Civil Society and Political Change in Asia: Expanding and Contracting Democratic Space (Hardcover)
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This book is the first comprehensive, systematic investigation of the connection between civil society and political change in Asia--change toward open, participatory, and accountable politics. Its findings suggest that the link between a vibrant civil society and democracy is indeterminate: certain types of civil society organizations support democracy, but others have the potential to undermine it.
Further, the study argues that while civil society is a key factor in political change, democratic transition and consolidation hinge on the development of effective political parties, legislatures, and state institutions. Rooted in a common definition of civil society, a strong analytical framework, and rich empirical material, the analyses and conclusions of the book will have a lasting impact on the understanding of civil society and its relation to democracy in Asia and around the world.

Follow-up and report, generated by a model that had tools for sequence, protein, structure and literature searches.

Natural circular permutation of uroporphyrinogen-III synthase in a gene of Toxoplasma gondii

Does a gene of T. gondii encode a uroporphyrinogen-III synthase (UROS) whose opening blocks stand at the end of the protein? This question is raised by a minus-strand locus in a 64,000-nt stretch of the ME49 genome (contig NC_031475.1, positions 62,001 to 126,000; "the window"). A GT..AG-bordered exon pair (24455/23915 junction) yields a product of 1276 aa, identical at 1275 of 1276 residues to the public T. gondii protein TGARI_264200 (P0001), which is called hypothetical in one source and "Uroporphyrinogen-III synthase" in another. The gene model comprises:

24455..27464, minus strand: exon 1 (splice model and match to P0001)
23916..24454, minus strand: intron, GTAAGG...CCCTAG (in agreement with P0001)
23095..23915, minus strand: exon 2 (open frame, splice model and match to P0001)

About the Author
Muthiah Alagappa is Distinguished Senior Fellow at the East-West Center. He is the editor of Asian Security Order: Instrumental and Normative Features (Stanford, 2003), Coercion and Governance: The Declining Political Role of the Military in Asia (Stanford, 2001), Asian Security Practice: Material and Ideational Influences (Stanford, 1998), and Political Legitimacy in Southeast Asia: The Quest for Moral Authority (Stanford, 1995).
"Civil Society and Political change in Asia not only constitutes a major contribution to the study of civil society in East Asia but also helps to blaze the trail for contributions to be made in the future."—Perspectives on Politics
"This volume presents readers with an excellent opportunity to develop a deeper understanding of civil society and the challenges of creating a democratic space in Asia, thus addressing the serious gaps in the current literature....this expertly edited, theoretically rich, and analytically sophisticated book will make an important contribution to scholarly debates on civil society. It should be of considerable interest to scholars, policymakers, students, and development activists who are keen on gaining a deeper understanding of civil society, democracy, and development."—Journal of Asian Studies